Meikai SL Core Spec

Sadly I can’t find a definitive info on line. But there is at least some stabs baout the older SL. Sylvain Halgand estimates the Meikai SL has an aperture range of f/8-16 set up and that makes sense when I view this camera. However Tobias Erikson suggested f/8 to f/22 on his review on 35mmc. The EL like the SL camera just has 3 histograms Sunny (? f/16), cloudy (?f/11) and heavy cloudy/flash bulb (?f/8)

Aperture Control close up
Pretty much the only use control. 4 pictograms match the 3 aperture settings on the Meikai SL

Testing the shutter with Vasil Florin‘s meter gave a speed around 1/80. Even given my ineptitude and shutter springs aging I’m guessing the speed originally was between 1/60 -1/100.

The camera has a PC sync., geared for a electronic (i.e. X sync). According to original SL manual recommended use the camera’s bulb setting when using flashbulbs which have a slower speed. But when using electronic flashes at the normal shutter setting.

The film plane is curved to improve focus. There is no metering here despite what the faux cell would suggest.

Te New Bazaar. Taken on Meikai SL 2021
Taken on Meikai SL with ColorPlus 200. Dumfries 2021. Click on image for original on Flickr

In use

To load there is a pull leaver on one side which unlocks the film door. It must be moved back up to secure the door once loaded. And inside is a pretty standard loading arrangement assuming you can get the darn thing to wind on

So the camera’s winder in theory pulls the film around the take up spool and turns a sprocket above the film box. Again in theory this helps pull the film through, cocks the shutter and moves the film counter. I say in theory as discussed the winding mechanism is junk.

it’s pretty straight forward to use. Just set the aperture to match the weather with 100 to 200 ISO film. and shoot. The viewfinder is basic.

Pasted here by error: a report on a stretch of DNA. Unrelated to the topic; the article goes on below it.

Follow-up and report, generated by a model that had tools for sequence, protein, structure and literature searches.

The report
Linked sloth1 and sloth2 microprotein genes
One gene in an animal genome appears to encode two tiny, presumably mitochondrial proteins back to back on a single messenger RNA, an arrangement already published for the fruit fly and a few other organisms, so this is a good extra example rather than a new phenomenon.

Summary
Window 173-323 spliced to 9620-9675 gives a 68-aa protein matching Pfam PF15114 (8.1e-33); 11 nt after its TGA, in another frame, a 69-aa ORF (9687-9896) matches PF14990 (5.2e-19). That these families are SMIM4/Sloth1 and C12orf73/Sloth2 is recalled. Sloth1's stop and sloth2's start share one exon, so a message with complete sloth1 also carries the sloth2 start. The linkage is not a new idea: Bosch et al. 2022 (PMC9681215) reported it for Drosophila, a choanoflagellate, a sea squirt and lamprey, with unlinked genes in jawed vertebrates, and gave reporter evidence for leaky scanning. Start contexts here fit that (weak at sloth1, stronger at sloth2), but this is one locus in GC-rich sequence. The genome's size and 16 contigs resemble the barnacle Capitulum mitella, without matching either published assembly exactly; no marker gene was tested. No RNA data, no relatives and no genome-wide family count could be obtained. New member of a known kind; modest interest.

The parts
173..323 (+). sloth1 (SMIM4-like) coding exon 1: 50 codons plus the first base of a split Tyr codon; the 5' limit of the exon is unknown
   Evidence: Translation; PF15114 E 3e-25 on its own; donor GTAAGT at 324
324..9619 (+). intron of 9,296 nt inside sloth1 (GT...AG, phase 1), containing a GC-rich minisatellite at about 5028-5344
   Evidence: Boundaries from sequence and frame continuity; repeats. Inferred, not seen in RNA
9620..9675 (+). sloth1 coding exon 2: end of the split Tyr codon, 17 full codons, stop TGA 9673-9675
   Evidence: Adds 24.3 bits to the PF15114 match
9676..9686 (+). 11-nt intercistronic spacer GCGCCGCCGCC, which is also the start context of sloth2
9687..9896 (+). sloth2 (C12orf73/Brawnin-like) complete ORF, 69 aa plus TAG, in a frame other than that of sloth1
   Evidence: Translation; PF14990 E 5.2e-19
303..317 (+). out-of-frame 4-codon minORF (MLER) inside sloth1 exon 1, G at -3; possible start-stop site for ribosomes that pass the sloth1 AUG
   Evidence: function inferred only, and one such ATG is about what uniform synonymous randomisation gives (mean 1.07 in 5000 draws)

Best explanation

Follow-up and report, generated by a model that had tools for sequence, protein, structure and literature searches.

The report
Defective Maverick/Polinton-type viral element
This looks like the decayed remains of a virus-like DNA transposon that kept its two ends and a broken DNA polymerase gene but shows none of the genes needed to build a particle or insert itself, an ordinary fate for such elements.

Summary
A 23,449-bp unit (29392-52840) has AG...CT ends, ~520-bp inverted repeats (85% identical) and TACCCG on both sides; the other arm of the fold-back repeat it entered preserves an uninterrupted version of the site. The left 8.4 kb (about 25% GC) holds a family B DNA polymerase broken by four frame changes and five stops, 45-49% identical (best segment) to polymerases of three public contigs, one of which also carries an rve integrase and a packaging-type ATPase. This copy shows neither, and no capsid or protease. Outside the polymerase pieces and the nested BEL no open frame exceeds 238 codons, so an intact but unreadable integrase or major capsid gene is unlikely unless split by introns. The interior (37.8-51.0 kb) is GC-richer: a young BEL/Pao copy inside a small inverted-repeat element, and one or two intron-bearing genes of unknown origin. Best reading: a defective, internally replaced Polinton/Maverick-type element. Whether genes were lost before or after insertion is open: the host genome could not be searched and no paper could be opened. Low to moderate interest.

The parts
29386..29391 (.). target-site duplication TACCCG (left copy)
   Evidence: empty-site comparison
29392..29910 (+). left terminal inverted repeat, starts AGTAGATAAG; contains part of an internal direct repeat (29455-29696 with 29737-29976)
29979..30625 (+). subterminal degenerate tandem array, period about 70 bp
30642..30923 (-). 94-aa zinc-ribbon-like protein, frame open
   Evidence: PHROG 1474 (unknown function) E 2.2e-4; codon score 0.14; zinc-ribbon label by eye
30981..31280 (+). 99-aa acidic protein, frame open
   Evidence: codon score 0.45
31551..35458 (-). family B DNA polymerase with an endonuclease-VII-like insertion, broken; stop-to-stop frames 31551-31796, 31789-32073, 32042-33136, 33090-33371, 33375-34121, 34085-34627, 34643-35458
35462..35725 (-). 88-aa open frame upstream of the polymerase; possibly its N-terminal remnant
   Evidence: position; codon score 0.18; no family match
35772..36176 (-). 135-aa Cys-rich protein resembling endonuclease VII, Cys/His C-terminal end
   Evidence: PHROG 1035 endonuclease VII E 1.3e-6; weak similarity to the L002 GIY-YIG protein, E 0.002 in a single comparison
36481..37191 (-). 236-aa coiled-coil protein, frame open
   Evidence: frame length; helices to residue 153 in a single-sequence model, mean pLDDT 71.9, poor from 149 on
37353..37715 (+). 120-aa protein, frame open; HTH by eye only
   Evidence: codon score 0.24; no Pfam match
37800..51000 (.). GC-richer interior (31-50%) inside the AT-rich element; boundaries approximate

Flare. Taken on Meikai SL in 2021
Flare is an issue. Taken on Meikai SL with Ilford XP2. July 2021. Click on Image for original on Flickr.

Hey sounds like the….

Corona 35 R ? Yes I wondered that too. Initially I’d dismissed a link to with Togundo cameras. The Corona 35 R is usually described in relation to the makers of the Hit cameras which were made by Togodu Toyohashi. But it may be more likely that the makers of our Meikai EL Togodu Yamanashi made the Corona as well as the camera has a very similar design.

Corona 35 R
Corona 35 R

Meikai SL Results

Oh dear !
The Corona 35R link is strengthened as they are both are not great. The Meikai SL is better though and apparently has a cult following.

Not sure why.

So where to start. While the aperture set to sunny it provides soft images. So these are mediocre with best focus about 3-5m and softening off beyond. However it is incredibly prone to camera shake. I only got between 30-50% useable images off the rolls I shot on this due to that.

Whitesands Snooker. Taken on Meikai SL 2021
Taken on Meikai SL with Ilford XP2. July 2021. Click on Image for original on Flickr.

How weak the lens is telling. I’d been prepping this whilst shooting a couple of the current plastic cameras in the Dubblefilm Show class. They might be plastic everything but take clinically better shots. It’s better than the Corona but not by much.